To nap or not to nap, that is a question for many foreigners living in China.
In the West, many people think napping is a childish thing that you should stop doing after the age of 5. But in China, napping is like a national sport. After lunch, you can see people sleeping everywhere: at their desks, on a park bench, in a restaurant or on the grass.
The afternoon nap, known as wujiao in Chinese, is a tradition in schools. Students are encouraged to take a snooze after lunch.
Napping is also an office culture. Lunch break in China could last two hours. Employees are encouraged to take a 30-minute nap after lunch because it is believed that a power nap boosts productivity.
In some workplaces, sleeping on the job is even required. For example, some Chinese factories order their workers to take a nap. Huawei employees reportedly take a nap on a camp bed under their desk.
Still, many foreigners find it weird. One of my European friends takes photos of his Chinese colleagues asleep at their desks and make fun of them on Facebook.
"If I see a colleague who never says anything nice to me in the afternoon, he or she probably missed the nap," he jokes.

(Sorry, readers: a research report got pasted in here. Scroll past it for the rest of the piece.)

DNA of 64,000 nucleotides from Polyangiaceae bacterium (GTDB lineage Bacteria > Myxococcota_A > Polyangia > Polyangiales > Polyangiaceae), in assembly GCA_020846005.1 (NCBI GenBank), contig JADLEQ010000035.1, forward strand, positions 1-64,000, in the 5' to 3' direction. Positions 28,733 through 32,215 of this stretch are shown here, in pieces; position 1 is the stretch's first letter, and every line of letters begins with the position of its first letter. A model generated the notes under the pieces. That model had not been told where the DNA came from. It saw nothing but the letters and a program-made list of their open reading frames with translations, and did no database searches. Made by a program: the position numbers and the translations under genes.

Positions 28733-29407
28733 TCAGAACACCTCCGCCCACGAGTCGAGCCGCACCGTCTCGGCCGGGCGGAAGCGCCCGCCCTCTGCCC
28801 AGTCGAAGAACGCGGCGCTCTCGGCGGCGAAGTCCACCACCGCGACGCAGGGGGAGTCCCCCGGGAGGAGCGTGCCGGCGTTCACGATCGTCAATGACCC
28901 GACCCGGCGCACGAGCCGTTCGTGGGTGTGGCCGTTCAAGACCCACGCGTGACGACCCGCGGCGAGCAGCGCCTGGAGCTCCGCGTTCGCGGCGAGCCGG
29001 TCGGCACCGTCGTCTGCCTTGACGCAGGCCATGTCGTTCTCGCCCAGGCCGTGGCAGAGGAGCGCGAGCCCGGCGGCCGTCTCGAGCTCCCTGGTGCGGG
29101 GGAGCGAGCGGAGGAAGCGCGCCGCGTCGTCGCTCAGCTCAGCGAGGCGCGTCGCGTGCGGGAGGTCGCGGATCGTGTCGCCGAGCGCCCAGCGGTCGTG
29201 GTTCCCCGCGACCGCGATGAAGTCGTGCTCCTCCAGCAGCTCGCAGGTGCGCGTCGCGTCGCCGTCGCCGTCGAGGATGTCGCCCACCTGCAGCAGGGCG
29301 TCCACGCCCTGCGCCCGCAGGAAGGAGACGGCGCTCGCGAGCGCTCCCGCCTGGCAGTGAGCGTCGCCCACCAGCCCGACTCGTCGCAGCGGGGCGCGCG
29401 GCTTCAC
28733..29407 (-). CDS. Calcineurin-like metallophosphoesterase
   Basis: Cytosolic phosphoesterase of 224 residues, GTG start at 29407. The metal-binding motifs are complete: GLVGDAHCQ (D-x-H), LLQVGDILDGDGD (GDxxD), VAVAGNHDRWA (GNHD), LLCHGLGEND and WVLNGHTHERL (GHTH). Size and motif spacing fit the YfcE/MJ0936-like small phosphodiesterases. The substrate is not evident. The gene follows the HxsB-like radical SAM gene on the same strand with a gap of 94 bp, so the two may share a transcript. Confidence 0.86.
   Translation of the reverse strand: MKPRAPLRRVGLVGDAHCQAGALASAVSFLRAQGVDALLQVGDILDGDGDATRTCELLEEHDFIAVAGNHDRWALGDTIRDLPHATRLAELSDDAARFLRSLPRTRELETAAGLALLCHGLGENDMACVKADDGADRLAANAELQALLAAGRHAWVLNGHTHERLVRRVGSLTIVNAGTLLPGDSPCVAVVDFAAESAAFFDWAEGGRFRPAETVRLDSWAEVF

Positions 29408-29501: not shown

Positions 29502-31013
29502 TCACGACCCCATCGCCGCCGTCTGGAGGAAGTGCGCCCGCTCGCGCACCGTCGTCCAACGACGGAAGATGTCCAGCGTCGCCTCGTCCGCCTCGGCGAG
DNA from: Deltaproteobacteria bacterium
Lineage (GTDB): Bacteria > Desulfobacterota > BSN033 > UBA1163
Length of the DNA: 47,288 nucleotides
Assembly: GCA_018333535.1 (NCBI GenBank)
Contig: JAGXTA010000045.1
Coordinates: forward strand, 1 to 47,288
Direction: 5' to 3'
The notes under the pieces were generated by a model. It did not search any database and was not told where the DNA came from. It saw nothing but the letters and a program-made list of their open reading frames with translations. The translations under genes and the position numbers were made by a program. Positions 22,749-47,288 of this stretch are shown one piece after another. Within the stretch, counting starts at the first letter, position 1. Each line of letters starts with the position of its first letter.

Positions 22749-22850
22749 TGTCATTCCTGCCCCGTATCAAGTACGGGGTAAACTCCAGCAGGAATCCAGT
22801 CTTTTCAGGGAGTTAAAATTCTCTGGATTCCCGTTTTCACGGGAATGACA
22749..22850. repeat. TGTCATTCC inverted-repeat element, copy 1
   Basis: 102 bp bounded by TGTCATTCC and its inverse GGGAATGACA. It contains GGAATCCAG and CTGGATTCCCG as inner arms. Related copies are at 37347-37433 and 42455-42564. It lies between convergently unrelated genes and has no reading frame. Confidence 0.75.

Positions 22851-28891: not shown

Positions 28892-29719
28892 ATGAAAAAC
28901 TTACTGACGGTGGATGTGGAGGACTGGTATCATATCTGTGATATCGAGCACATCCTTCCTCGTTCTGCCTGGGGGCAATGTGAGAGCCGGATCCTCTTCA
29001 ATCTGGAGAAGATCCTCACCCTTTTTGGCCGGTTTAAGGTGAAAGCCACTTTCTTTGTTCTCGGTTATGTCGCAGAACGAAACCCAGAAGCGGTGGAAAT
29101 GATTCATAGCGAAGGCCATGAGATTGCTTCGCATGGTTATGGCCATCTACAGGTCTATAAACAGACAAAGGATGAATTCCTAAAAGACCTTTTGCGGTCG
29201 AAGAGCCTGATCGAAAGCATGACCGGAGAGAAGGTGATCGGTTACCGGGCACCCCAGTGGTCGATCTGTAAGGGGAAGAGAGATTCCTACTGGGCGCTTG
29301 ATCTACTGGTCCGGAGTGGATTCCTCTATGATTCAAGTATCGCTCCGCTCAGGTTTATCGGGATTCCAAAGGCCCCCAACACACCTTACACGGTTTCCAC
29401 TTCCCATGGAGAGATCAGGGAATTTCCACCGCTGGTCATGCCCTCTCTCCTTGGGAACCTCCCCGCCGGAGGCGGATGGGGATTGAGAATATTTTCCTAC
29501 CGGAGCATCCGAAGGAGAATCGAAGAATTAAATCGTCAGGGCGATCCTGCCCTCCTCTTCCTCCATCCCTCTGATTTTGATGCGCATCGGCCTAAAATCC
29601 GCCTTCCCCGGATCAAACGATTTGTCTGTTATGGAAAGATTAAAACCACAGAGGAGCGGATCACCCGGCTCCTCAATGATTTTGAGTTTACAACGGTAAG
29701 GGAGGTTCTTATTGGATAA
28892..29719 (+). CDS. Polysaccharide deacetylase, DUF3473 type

I quit napping when I started working for a Japanese organization right after college. I was disappointed to see nobody sleeps during the work day. Quitting was challenging. Every day after lunch my body and mind would fight.
Soon I secretly started taking a nap in the bathroom, well, on the floor next to the toilet, to be exact. Now looking back, I am very grateful that Japanese people are obsessed with hygiene and cleanliness. The office bathroom was so clean and odor-free that I felt comfortable sleeping there.
The only problem was naps were hard to cut short. Once I got a little taste, I wanted more. A 10-minute nap became 20, and then 30 minutes. The next thing I knew, my Japanese colleague is knocking the door, asking if everything is ok.
That ended my love affair with the bathroom. Soon everyone in the office knew I was sleeping there. Since then, whenever I was absent in the afternoon, somebody would joke that I must be sleeping in the toilet. Thanks to those embarrassing moments, I eventually quit taking a nap in the office.
This article was published on the Global Times Metropolitan section Two Cents page, a space for reader submissions, including opinion, humor and satire. The ideas expressed are those of the author alone, and do not represent the position of the Global Times.